Part Two of a Treelogy
In my fifty-six year old world, I was horrified.
In my six year old world, ‘The Magic Faraway Tree’ burst open new vistas of delight. I was already keen on Enid Blyton. I rewrote and illustrated Noddy stories in my very own six year old’s diary.
But the Faraway Tree? Ooooo.
It was indescribably exciting. Even at that unripe age, I didn’t re-read it, in case I spoiled this book’s impossibly perfect beauty.
In my fifty-six year old world, the bubble burst. No. I didn’t re-read. I watched the dramatised documentary called ‘Enid’. My illusions of enchantment? Scoured and scraped away.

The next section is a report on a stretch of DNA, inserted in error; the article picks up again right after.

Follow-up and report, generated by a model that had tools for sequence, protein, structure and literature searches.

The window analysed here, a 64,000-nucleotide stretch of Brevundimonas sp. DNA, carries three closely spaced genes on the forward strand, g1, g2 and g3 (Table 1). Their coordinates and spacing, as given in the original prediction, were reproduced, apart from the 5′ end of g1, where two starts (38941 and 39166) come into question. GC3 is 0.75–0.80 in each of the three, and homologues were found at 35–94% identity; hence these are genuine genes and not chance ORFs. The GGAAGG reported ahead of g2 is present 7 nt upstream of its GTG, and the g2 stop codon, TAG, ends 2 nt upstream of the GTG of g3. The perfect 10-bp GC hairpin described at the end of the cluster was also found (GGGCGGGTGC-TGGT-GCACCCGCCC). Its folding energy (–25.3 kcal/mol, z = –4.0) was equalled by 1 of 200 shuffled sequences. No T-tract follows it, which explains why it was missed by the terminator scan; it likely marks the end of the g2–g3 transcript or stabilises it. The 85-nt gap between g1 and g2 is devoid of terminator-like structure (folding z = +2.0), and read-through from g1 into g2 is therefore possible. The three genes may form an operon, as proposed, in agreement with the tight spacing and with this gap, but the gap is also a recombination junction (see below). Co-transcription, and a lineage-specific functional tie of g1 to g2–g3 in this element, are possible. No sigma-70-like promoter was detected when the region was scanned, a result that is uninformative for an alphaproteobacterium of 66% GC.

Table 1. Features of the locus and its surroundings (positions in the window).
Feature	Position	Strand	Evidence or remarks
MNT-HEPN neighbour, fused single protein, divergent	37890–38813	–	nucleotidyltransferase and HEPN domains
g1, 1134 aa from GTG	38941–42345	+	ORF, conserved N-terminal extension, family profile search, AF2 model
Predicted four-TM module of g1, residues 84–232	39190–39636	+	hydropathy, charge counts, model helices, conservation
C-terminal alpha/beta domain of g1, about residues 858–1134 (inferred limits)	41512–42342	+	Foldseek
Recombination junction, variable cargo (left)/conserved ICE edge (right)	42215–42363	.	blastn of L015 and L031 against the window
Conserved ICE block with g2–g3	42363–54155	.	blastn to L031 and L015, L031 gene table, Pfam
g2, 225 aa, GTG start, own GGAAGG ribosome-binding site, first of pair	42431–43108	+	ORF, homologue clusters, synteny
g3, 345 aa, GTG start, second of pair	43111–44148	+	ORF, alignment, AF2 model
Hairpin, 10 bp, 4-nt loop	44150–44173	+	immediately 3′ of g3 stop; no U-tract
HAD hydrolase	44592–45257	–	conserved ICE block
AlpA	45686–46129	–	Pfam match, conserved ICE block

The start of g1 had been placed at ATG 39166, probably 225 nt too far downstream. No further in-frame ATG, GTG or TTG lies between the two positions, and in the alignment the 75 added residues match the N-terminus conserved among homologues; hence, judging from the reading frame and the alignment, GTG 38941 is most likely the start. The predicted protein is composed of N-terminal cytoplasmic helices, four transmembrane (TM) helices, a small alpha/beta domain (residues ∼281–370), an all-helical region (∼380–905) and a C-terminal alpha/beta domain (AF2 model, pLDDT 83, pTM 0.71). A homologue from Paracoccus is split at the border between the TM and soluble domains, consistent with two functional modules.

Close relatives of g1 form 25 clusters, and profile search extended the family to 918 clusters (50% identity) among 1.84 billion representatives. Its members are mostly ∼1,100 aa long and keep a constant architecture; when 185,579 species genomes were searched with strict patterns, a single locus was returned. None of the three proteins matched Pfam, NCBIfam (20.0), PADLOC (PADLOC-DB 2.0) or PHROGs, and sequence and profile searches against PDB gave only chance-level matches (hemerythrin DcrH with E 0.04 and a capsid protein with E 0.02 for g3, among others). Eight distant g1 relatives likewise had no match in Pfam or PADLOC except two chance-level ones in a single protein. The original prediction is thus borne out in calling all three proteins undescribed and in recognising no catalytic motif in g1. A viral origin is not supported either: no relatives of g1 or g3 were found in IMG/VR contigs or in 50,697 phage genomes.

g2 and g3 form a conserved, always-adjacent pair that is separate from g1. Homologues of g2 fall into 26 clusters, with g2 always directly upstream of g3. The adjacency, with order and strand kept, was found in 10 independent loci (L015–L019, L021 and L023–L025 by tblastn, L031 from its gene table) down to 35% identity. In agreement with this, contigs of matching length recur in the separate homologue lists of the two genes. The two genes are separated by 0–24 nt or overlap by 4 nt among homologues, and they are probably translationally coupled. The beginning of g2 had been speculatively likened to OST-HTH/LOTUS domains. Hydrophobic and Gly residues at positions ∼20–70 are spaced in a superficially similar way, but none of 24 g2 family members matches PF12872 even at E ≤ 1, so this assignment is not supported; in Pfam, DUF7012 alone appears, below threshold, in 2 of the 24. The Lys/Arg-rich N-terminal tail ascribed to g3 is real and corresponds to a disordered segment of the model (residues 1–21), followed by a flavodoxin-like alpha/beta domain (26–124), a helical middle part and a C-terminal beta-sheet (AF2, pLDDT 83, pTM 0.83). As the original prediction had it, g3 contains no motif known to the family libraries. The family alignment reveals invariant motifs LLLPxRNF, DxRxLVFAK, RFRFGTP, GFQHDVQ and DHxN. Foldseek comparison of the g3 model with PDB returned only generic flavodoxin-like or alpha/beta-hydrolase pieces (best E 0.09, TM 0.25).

If this movie is true, Enid Blyton was a cruel parent. I’m sorry. I can’t say more. It makes me cry. I don’t know why. Lots of famous male creators are shown to be nasty in their private lives. Why should I be so upset about Enid? I guess she had further to fall in my still-six year old eyes. From the very top of the abundant, wonder-filled tree.
A while back, with a cold that obliged me to slow down, as colds do, I ambled through a local park. Instead of walking straight past a Moreton Bay Fig tree magical beast that lives there, I paused. I walked under its ample canopy, trod lightly along its winding pathway roots, remembered childhood book illustrations of trees housing whole families…and photographed it.
Not to be taken for granted,
It was still enchanted.
And now the book is to be made into a movie. Eeeeee! Holding my breath.
Magic Faraway Tree to be a movie
And here’s a recent tree collage/painting from me to you.